Restoration of degraded pasture exposed to localised salinity and erosion

Understanding the biological, physical and chemical components of soil fertility during restoration

This research will investigate the implementation of novel regenerative agriculture practices during the restoration of degraded pasture exposed to localised salinity and erosion. It will include practices such as the use of biochar permeable barriers at different scales, in combination with tree-planting and introduction of perennial agricultural pasture species.

The study will be based on the UWA Farm near Pingelly, Western Australia and will involve collaborating with local farmers and a compost producer. The aim will be to quantify biological, physical and chemical components of soil fertility during the soil restoration phase.

Soil microbial processes associated with regenerative agriculture practices will be studied in parallel with pasture and tree productivity over three years. Both field and glasshouse experiments will be included to identify mechanisms involved in transformation of the soil’s biological, physical and chemical conditions. The research will emphasise mechanisms underpinning soil-microbe-plant interactions and contribute to identifying practical options to ameliorate degraded soil conditions to improve plant productivity and soil restoration.

For more background information, see the suggested readings below.

Suggested readings

Abbott LK, Macdonald LM, Wong MTF, Webb MJ, Jenkins SN, Farrell M (2018) Potential roles of biological amendments for profitable grain production – A review. Agriculture, Ecosystems and Environment 256: 34-50

Mickan BS, Abbott LK, Fan, J-W, Hart MM, Siddique KHM, Solaiman ZM and Jenkins SN (2018) Application of compost and clay under water-stressed conditions influences functional diversity of rhizosphere bacteria. Biology and Fertility of Soils 54: 55-70

Abbott LK and Manning DAC (2015) Soil health and related ecosystem services in organic agriculture. Sustainable Agriculture Research 4: 116-125

Shanmugam S, Abbott LK, Murphy DV (2014) Clay addition to lime-amended biosolids overcomes water repellence and provides nitrogen supply in an acid sandy soil. Soil Biology and Fertility of Soils 50: 1047-1059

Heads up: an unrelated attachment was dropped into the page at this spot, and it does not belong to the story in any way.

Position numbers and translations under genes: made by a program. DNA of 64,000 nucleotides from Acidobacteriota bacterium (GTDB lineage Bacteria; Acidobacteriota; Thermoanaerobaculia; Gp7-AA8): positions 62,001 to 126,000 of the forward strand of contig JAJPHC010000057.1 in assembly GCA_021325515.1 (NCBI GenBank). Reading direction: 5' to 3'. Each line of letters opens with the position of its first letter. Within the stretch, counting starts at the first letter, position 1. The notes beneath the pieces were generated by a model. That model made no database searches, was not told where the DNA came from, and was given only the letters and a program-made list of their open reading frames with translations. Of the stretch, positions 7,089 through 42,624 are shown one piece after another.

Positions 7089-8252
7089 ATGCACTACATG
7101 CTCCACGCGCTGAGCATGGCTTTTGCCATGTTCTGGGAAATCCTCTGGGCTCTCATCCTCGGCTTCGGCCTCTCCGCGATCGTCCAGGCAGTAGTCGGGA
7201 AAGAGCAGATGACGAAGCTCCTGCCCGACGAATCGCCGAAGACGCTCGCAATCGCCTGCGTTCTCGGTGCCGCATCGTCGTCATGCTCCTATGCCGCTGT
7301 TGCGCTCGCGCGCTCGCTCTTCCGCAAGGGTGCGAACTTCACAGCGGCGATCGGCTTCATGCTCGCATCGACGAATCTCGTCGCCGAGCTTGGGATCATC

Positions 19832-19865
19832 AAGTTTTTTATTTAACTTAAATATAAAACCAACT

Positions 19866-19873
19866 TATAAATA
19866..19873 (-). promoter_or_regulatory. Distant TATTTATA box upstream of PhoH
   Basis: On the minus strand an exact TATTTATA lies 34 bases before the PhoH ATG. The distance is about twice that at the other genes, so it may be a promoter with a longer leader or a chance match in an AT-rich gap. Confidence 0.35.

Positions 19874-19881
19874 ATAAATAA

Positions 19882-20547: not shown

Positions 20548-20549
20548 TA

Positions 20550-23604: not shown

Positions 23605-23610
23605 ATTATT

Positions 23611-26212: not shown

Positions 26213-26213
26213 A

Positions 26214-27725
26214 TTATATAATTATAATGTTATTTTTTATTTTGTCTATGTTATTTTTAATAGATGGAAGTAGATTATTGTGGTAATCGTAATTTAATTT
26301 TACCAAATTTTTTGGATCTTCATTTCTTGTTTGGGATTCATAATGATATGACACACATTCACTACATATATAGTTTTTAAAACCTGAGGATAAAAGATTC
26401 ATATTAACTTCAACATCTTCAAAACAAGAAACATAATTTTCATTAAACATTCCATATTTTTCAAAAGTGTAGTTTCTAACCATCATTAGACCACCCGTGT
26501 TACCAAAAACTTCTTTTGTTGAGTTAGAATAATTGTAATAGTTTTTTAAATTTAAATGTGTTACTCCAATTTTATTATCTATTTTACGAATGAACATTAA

Research team leader: Emeritus Professor Lynette Abbott

My area of research expertise is in soil health, soil biological fertility and plant-microbe interactions, including the roles or arbuscular mycorrhizal fungi in agricultural soils. My research focuses on the role of soil biological processes linked to the efficiency of nutrient acquisition by plants and includes bio-chemical and bio-physical interactions associated with organic and mineral soil amendments.

How to apply

Interested in becoming part of this project? Complete the following steps to submit your expression of interest:

Step 1 - Check criteria

General UWA PhD entrance requirements can be found on the Future Students website.

Step 2 - Submit enquiry to research team leader

Step 3 - Lodge application

After you have discussed your project with the research team leader, you should be in a position to proceed to the next step of the UWA application process: Lodge an application. Different application procedures apply to domestic and international students.


Domestic students

All domestic students may apply for Research Training Program and University Postgraduate Awards (UPA) scholarships

International students

A range of scholarships are available from international organisations and governments. The full list, organised by country, is available on the Future Students website.

In addition, all international students may apply for International Research Training Program scholarships.

Indigenous students
Indigenous students are encouraged to apply for Indigenous Postgraduate Research Supplementary Scholarships.
Forrest Foundation scholarships
All international and Australian students who wish to study towards the degree of Doctor of Philosophy (PhD) at The University of Western Australia may apply for Forrest Scholarships.

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